It is the mean of the weighted summation over a window of length k and wt are the weights. Usually, the sequence w is generated using a window function. Numpy has a number of window functions already implemented: bartlett, blackman, hamming, hanning and kaiser. So, let's plot some Kaiser windows varying the parameter beta:
import numpy import pylab beta = [2,4,16,32] pylab.figure() for b in beta: w = numpy.kaiser(101,b) pylab.plot(range(len(w)),w,label="beta = "+str(b)) pylab.xlabel('n') pylab.ylabel('W_K') pylab.legend() pylab.show()The graph would appear as follows:
And now, we can use the function convolve(...) to compute the convolution between a vector x and one of the Kaiser window we have seen above:
def smooth(x,beta): """ kaiser window smoothing """ window_len=11 # extending the data at beginning and at the end # to apply the window at the borders s = numpy.r_[x[window_len-1:0:-1],x,x[-1:-window_len:-1]] w = numpy.kaiser(window_len,beta) y = numpy.convolve(w/w.sum(),s,mode='valid') return y[5:len(y)-5]Let's test it on a random sequence:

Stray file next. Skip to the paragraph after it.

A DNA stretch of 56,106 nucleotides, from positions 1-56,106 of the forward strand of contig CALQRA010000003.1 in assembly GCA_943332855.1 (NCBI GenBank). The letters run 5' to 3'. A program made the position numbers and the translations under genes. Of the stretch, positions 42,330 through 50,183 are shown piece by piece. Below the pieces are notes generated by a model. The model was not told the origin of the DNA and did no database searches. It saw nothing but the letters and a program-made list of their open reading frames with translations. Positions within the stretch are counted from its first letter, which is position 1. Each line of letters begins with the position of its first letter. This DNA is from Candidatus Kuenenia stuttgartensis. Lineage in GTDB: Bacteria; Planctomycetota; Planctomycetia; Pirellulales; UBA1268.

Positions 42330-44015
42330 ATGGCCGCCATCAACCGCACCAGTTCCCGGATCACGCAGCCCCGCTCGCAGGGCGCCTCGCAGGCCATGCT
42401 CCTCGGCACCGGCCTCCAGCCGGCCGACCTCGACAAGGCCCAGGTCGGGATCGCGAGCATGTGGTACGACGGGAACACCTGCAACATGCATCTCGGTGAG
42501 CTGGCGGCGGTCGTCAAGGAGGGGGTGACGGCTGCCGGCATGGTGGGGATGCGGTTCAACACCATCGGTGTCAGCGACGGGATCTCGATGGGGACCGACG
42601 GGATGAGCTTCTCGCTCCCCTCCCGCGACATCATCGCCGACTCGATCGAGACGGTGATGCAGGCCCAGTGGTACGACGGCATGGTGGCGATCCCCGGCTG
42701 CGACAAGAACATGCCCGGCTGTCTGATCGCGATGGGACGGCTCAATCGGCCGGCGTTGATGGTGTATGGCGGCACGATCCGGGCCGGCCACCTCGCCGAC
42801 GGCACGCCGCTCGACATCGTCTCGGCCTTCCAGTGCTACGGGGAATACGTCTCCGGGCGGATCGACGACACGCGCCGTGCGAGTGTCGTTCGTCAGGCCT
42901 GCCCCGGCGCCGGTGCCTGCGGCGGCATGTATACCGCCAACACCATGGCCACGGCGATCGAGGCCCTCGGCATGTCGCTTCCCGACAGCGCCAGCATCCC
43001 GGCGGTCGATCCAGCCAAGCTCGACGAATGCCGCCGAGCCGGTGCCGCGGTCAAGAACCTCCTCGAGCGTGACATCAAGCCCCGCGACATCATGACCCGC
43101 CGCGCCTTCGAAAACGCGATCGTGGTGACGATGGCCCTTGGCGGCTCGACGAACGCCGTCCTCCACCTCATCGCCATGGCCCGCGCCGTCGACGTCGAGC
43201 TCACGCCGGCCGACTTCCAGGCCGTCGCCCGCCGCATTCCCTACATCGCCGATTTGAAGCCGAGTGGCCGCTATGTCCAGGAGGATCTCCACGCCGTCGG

# random data generation y = numpy.random.random(100)*100 for i in range(100): y[i]=y[i]+i**((150-i)/80.0) # modifies the trend # smoothing the data pylab.figure(1) pylab.plot(y,'-k',label="original signal",alpha=.3) for b in beta: yy = smooth(y,b) pylab.plot(yy,label="filtered (beta = "+str(b)+")") pylab.legend() pylab.show()The program would have an output similar to the following:
As we can see, the original sequence have been smoothed by the windows.